Five O'Clock Somewhere

Welcome to Five O'Clock Somewhere, where it doesn't matter what time zone you're in; it's five o'clock somewhere. We'll look at rural life, especially as it happens in Rio Arriba County, New Mexico, cats, sailing (particularly Etchells racing yachts), and bits of grammar and Victorian poetry.

Wednesday, December 07, 2005

Wizards of Winds and Waves, chapter 9

Some questions are answered.
Yes, that last episode was a bit upsetting. Here, we learn some new information that might help us deal with that other stuff.
Wizards of Winds and Waves
Chapter 9
When I awoke the next morning, Pierre was already up. “I took the liberty of preparing us breakfast,” he said, holding up a familiar paper bag. “Sausage McMuffins from the McDonald’s around the corner. I hope you don’t think they’re too fancy.”
“No, they’re just right.” My brain was still feeling a bit foggy, but the memory of the previous night was painful, and I welcomed the opportunity to put it out of my mind with food that was completely, shamefully, bad for me. I did, however, draw the line at the coffee. The brew from the fast-food place was so vile, it was only drinkable when it was too hot to taste. I got out the carafe and brewed my own, showing Pierre how to do it so he could handle the task in the future.
“Hey, that’s easier than it looks,” he commented. “It’s funny, I find an electric coffee maker too much to bother with, but you don’t even have an electric coffee maker, and the manual method is just about as easy.”
“Yeah, it’s funny. Something else I don’t have: an electric can opener. It doesn’t do anything a hand can opener doesn’t do, and it takes up an awful lot of room, which is something this kitchen doesn’t have.”
After breakfast, we went down to the marina. Neither of us was feeling terribly cheerful, but activity, in the form of sailing, would probably be good for keeping our minds off of our worries.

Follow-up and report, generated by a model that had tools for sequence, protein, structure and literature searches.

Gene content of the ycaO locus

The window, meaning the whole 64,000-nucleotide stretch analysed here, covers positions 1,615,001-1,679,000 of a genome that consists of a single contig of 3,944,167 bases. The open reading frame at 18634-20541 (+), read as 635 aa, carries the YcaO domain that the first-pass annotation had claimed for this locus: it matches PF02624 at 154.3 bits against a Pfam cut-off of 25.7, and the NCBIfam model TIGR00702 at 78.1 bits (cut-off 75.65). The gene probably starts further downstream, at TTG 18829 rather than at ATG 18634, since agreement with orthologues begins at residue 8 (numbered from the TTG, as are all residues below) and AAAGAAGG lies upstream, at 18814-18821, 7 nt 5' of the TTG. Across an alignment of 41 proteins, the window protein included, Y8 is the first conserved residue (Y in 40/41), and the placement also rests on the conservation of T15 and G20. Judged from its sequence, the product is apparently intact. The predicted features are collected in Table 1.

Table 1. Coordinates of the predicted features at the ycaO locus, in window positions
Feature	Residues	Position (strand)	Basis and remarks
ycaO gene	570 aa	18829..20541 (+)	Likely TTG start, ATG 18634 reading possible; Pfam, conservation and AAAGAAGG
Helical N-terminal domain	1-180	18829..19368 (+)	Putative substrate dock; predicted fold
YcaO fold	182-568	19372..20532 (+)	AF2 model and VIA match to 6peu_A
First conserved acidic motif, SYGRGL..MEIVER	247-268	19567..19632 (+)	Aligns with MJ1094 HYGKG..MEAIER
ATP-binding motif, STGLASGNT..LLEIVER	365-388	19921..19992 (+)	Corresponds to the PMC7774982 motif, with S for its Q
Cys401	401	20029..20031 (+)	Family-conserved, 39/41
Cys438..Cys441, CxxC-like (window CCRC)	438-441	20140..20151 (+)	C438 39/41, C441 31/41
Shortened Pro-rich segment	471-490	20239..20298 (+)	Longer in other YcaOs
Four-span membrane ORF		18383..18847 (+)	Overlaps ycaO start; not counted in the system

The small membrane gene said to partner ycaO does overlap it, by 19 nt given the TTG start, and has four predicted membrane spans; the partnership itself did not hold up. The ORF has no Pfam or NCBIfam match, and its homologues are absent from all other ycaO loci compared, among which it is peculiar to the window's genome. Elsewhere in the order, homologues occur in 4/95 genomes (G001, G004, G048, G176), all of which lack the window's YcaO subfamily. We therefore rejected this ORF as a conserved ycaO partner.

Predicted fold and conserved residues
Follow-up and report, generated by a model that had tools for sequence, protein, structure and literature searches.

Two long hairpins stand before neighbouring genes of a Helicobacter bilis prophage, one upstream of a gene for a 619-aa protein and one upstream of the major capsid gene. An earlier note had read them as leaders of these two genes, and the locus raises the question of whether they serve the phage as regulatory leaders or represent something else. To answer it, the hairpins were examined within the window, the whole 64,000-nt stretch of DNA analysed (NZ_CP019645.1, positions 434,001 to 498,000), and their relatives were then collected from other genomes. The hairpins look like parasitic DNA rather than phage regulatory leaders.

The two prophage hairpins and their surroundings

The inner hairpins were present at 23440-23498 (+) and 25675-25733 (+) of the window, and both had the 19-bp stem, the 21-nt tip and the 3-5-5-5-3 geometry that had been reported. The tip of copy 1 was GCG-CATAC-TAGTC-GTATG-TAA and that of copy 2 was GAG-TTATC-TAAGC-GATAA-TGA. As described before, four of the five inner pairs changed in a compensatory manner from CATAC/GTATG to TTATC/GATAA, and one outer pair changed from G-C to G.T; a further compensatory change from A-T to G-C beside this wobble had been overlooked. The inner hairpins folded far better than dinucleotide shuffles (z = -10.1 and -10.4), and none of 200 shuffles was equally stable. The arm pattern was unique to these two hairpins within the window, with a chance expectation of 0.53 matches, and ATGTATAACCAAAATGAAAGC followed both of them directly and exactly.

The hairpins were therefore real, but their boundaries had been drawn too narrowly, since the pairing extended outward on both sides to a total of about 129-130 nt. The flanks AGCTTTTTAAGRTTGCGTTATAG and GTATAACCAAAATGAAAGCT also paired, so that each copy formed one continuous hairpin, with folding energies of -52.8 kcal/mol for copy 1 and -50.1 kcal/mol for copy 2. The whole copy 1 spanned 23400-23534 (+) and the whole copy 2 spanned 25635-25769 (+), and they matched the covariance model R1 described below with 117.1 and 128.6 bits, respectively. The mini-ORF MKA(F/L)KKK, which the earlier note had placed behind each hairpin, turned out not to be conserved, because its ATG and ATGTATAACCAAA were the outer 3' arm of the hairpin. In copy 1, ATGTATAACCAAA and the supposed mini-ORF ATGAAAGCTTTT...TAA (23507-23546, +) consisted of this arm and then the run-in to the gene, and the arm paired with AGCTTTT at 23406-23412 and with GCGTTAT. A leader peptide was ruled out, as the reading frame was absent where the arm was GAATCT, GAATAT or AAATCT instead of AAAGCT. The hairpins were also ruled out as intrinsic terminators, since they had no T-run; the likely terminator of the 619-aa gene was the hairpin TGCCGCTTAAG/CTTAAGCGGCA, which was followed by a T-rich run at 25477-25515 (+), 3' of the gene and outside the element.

What had happened last night? To start with, I had never felt anything like the sensations I had been feeling. Never before had I experienced those inner earthquakes, and while I knew enough to know that those physical reactions were more about biology than love, the physical and the emotional reactions were building upon each other, and I knew, somehow, that there wasn’t just a physical attraction between Pierre and myself, but also an emotional one. I wasn’t sure yet whether I could call that emotion love, but there was certainly the feeling of wanting to be with him as closely as at all possible, of trusting him, and even, yes, jealousy, wanting him all to myself. More than a craving for a man, any man, it was an intense desire for this man, and no other. And it was a yearning to be with him, not just for a night, or a month, but forever. I didn’t want him as a bodyguard, a temporary guardian angel; I wanted him as a partner to be with forever. I’d had boyfriends in high school and college, but absolutely none of them had moved me in any way, emotionally or physically. Pierre, on the other hand, in just a couple of days, had worked himself into my very core. And for all of his reputation as a ladies’ man, master of the one-night stand, I somehow knew that this was different for him, too.
But then – what? I was mystified about why, suddenly, I had seemed to fill up with ice. Did I have some underlying fear of intimacy? Was I afraid of the pain that was supposed to be involved in the first time? No, I didn’t think that was it – I was apprehensive, maybe, but I knew Pierre would have been as gentle as necessary, and that mild apprehension couldn’t explain the suddenness and intensity of that freeze-up. If anything, the apprehension was adding to the emotional buildup, that little bit of fear that adds to the excitement of the greatest adventures. I didn’t think it involved any moral scruples, either. I’m not particularly religious, and I hadn’t been in a church since my parents’ funeral. Pierre and I were both consenting adults, and I really didn’t think that his position as my guardian constituted taking unfair advantage of the situation.